Prosecutors in Houston say they have tracked down and arrested a man who allegedly committed an online sex crime -- though technically he didn't even have a computer.
All he needed, the prosecutors say, was a game console -- a Sony PlayStation 3. They allege that the man, Anthony Scott Oshea of Somerset, Ky., persuaded an 11-year-old girl in Houston to e-mail nude pictures of herself from her PlayStation to his.
Oshea was taken into custody this afternoon by local police near his home. Houston authorities say they will try to bring him to Texas for trial.
"People don't realize how the PlayStation is like a regular computer," said Eric Devlin, the Harris County, Texas, prosecutor who has been leading the case. The suspect, Devlin said, "threw his old computer out because he didn't need it."
Devlin said this is the first time his office has pursued a sex crime case involving a gaming console. His office is charging Oshea, 24, with three felony counts, including online solicitation of a minor and promotion of child pornography. One charge carries a maximum sentence of 99 years in prison.
"He 'groomed' the child for quite a long time," said Devlin. "He befriended her and pestered her for pictures, being a friend and pestering her at the same time."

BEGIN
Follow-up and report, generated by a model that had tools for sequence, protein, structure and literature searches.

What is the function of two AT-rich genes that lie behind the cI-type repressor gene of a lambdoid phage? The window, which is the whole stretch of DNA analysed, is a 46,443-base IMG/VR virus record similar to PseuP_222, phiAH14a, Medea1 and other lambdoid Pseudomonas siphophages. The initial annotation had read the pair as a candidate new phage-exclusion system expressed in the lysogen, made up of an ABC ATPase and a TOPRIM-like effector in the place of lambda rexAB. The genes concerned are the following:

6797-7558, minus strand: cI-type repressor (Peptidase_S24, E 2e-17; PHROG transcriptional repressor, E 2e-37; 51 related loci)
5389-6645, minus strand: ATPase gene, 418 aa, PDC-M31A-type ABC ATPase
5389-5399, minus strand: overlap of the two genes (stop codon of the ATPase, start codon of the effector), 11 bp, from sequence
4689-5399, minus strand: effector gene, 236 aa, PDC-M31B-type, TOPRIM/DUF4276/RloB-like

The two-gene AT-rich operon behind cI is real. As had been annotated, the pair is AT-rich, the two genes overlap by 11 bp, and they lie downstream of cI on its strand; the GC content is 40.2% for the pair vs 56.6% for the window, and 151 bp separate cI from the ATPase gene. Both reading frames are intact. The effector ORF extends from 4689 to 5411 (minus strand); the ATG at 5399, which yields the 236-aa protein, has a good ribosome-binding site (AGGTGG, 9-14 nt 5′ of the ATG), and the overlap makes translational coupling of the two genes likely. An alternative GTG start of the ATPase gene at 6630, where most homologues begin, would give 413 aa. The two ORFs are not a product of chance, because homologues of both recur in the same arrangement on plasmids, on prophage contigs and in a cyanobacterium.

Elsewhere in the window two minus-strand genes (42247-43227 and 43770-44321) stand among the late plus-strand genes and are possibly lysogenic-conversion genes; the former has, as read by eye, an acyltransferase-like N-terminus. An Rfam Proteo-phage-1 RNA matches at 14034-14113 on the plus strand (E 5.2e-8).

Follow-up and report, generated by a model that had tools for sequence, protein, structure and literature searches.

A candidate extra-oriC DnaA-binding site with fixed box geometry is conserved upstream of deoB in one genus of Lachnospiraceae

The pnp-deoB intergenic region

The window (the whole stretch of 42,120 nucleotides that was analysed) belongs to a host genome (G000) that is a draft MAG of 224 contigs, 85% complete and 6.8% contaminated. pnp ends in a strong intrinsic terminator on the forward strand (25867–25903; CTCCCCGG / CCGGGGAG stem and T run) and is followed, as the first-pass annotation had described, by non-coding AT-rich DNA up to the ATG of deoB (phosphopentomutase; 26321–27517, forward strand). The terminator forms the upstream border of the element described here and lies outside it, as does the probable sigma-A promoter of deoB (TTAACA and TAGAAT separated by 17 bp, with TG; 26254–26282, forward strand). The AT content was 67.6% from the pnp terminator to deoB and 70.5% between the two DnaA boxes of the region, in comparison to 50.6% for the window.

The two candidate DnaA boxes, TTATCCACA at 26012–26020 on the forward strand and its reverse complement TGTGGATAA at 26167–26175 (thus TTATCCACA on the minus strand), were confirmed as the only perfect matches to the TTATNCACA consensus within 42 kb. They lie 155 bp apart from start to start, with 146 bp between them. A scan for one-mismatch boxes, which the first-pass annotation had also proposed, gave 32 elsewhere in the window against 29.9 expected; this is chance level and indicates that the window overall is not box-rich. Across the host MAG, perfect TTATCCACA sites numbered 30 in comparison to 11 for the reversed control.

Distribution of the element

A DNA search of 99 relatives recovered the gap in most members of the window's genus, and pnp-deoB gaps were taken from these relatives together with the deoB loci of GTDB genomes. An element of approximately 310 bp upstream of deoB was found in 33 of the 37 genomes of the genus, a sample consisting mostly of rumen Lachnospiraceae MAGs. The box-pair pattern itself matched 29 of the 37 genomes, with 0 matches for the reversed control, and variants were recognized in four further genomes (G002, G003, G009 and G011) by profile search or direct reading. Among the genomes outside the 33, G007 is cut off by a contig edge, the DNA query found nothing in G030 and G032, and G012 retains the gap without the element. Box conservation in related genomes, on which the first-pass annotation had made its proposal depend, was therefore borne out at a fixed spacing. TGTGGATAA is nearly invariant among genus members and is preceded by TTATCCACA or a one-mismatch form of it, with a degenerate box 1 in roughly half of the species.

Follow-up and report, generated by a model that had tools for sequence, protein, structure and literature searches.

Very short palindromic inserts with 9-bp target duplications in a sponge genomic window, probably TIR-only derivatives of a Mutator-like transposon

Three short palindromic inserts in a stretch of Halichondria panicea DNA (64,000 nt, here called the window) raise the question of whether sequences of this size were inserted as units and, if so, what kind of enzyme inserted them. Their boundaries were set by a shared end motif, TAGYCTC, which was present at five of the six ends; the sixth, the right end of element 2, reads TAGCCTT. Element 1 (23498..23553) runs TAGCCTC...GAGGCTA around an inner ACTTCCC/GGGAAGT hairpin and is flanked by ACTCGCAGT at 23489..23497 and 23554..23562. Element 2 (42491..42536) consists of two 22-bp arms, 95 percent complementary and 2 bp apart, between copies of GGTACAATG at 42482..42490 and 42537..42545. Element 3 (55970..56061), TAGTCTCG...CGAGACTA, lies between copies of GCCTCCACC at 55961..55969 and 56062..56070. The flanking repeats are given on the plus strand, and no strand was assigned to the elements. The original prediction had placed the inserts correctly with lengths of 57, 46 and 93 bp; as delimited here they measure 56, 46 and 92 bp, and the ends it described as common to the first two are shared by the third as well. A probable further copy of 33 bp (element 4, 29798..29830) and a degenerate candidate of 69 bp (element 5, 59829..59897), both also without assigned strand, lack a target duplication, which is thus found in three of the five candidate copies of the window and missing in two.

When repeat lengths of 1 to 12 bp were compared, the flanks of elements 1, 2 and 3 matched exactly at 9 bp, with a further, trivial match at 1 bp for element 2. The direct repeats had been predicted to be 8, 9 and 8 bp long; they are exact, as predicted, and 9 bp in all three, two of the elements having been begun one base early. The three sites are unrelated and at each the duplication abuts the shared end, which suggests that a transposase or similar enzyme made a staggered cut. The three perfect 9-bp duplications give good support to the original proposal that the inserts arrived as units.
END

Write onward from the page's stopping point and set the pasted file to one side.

Having gotten her to send him the pictures, Oshea then e-mailed them to people in at least five other states -- all through his console, Devlin charges.
"We didn't know how much you can do -- and we're geeks," said Devlin.
The PlayStation, like its major competitors, the Microsoft Xbox 360 and Nintendo Wii, is just as capable of online access as any conventional computer with a screen, keyboard and mouse. (A keyboard can, in fact, be plugged in.) Many parents may not realize how quickly the Internet's reach has spread.
Law enforcement officials say the reach of sexual predators has spread as well. As young people play more and more online games, predators join in -- and some are very good at using kids' lingo in gaming messages to sound friendly.
"This should not shock anybody," said Ernie Allen, president of the National Center for Missing and Exploited Children. "Those who prey upon children go to where the children are."
"They try to get their confidence," he said. "This is a way to get close to them."
To fight back, law enforcement agencies are seeking help from any source they can. The Utah Attorney General's office, for instance, got advice from a local 15-year-old, Zach Loulias -- who taught its investigators how to play various games and how to sound when posing as teenagers, chatting with a suspect online.
Lt. Jessica Farnsworth, field commander of Utah's Internet Crimes Against Children Task Force, said, "We've seen people solicit kids online through the games. The people doing these illegal acts, they're going to greater and greater lengths to hide what they're doing."
The Texas case, said technologists, is an illustration of just how broadly the term "online" needs to be defined. People are now reachable by computer, cell phone, personal digital assistant, game console -- and the list goes on.
"We have long been concerned that game systems are increasingly connected to the Web and could be used to attack children," said Rob Enderle, a well-known technology analyst, in an e-mail to ABC News. "Many are chat-enabled and controls over what is said may be inadequate.